So I know I learned this at one point, but I can’t rederive the logical argument explaining when to use the words “maximal” and “maximum.” Certainly maximum is both an adjective and a noun, and maximal is just an adjective.
One explanation I remember was that there can be many maximal things, but only one maximum thing. I know that you call it a maximal ideal in algebra, and it need not be unique (unless it’s a local ring?), but then why say “local minima” if a minimum is unique?
I just noticed I’m a bit inconsistent in my usage in this paper I’m writing, and I can’t tell if I should call it the “maximum probability of error criterion” or the “maximal probability of error criterion.” I was leaning to the former, but now thinking about it has got me all muddled.
I’m busy as a bee writing two papers for ISIT 2007 (in Nice, woohoo!) and as usual I find myself at odds with the IEEE Transactions style formats. The BibTeX format by default puts the bibliography in order of how references are cited, and as far as I can tell there is no option for putting things in alphabetical order. One option is of course to use the \nocite command before any of the other text. This will put the citations in the bibliography without anything in the main text — a handy feature for sneaking in references that you don’t need but should cite (perhaps to appease reviewers). But that hack defeats the purpose of BibTeX, which is to stop you from futzing with your bibliography by formatting the thing in the correct manner, be it APA, MLA, ACM, or IEEE.
I understand that for a survey paper it would be advantageous to list references in the order that they are cited. That way all the papers on topic A will be in a big block together in the bibliography, and the cite package provides a nice shorthand that will list the references as [1 – 5] instead of . For conference papers, which often have fewer than 10 citations, it seems that the aesthetic benefits of an alphabetized bibliography outweigh the minor inconvenience in typesetting. From looking at existing published papers, it seems that the IEEE isn’t particularly insistent on making the bibliography in citation-order. So why not provide the alphabetical option?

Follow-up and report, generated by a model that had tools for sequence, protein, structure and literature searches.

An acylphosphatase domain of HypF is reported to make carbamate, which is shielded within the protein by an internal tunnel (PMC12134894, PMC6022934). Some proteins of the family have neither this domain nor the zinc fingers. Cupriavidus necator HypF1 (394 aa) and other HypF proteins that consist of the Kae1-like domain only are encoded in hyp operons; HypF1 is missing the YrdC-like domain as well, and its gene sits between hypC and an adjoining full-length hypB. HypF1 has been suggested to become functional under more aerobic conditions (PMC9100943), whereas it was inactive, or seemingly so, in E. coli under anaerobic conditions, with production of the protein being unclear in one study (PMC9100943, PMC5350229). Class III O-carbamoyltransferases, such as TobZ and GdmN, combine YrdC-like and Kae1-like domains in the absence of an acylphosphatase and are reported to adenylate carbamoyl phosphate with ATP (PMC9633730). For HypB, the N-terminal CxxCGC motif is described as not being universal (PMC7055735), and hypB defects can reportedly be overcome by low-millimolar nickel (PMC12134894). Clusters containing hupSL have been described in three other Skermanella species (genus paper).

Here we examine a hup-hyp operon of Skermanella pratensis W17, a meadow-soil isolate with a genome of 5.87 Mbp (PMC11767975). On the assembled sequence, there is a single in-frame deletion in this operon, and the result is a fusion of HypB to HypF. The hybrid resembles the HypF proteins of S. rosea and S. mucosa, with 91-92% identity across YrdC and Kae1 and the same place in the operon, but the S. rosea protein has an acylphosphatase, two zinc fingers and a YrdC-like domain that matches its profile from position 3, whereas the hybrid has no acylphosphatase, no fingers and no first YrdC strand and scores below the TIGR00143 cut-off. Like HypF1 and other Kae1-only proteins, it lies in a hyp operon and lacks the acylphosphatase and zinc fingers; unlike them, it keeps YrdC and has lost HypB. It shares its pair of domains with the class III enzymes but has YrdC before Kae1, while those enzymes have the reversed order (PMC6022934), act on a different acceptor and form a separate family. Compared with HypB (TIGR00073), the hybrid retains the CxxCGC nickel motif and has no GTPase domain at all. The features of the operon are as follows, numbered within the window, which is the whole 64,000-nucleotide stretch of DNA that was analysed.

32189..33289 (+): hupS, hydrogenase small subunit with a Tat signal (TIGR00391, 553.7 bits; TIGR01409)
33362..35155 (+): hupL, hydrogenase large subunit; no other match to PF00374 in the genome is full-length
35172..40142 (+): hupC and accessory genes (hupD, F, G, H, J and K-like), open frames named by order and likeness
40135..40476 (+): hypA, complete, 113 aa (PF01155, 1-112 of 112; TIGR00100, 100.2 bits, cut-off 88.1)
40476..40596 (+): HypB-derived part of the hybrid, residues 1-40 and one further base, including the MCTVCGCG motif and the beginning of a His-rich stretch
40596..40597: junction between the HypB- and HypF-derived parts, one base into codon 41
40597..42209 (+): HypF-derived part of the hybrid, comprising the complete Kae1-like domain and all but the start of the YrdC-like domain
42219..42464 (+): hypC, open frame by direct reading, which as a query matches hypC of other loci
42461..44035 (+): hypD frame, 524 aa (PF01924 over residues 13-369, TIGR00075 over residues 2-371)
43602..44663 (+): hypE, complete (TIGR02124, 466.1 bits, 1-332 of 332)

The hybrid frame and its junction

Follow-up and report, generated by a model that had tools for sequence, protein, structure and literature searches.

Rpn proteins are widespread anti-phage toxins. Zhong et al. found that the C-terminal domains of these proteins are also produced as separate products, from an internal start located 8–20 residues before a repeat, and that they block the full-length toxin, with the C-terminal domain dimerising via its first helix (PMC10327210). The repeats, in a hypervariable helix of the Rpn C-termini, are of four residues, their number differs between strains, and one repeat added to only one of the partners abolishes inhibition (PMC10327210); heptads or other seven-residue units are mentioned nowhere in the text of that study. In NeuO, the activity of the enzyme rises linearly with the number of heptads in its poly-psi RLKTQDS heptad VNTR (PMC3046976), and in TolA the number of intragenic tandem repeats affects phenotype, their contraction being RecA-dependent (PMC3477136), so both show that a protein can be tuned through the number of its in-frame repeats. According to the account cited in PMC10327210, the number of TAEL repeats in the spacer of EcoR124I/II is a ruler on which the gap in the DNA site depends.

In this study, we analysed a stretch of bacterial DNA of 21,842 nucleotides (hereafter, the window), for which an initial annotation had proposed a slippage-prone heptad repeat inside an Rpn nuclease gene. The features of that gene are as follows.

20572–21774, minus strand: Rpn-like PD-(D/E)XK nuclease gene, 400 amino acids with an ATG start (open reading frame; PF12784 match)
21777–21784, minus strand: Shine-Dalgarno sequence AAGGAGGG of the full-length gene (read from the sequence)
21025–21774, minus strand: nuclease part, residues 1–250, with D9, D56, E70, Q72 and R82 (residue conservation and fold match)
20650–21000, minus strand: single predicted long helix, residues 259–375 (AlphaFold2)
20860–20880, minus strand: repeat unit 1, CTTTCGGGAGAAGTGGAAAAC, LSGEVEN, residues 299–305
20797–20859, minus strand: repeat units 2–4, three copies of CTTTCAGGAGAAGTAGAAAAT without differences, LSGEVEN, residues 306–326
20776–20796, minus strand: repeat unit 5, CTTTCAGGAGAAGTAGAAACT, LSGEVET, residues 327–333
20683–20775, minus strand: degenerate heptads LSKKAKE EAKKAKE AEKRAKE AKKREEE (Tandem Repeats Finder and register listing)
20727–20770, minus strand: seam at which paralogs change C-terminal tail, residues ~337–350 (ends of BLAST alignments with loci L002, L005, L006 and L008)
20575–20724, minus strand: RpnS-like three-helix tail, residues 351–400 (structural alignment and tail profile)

Perhaps its because the entire LaTeX package system is being maintained by Michael Shell, who I’m sure has better things to do with his time, like a real job. It almost boggles the mind that so many people in the IEEE use this LaTeX package and the Institute doesn’t really support it in the way that the AMS supports AMSTeX.
Apparently the HD-DVD copy protection system has been compromised. Is this really a big surprise? I mean, if you actually go and talk to the engineers who designed AACS, would they think it’s totally unbreakable? Behind all the PR and marketing hacks who don’t know the first thing about cryptography are the people who actually designed this system, and I’m sure they would list a load of standard caveats like “assuming a bounded-complexity adversary” But even then, perhaps twixt design and implementation someone screwed up and weakened the protections.
The whole approach to copy-protecting media via controlling the hardware is a little odd to me. Its like having a secret decoder ring made of a piece of red cellophane. If you make a media format which is useful for carrying data and holding movies, you’re inviting attacks far more complicated than those envisioned by scenarios in which you have an average user buying a player and plugging it into their TV. Is it really that the design specs were for the latter and didn’t even think about what would happen if someone popped the disc into their computer?
Personally, I thnk these guys knew it would happen all along and were surprised at how little time it took. The truth is probably that people in the company who were ignorant of the technology ended up approving something that was a lot weaker than it should have been, and not that the guy who hacked the standard was somehow a super-genius. This is not to take away from his accomplishment, but it seems like you can either build a watertight security system or one that leaks like a sieve, and this is more of the latter.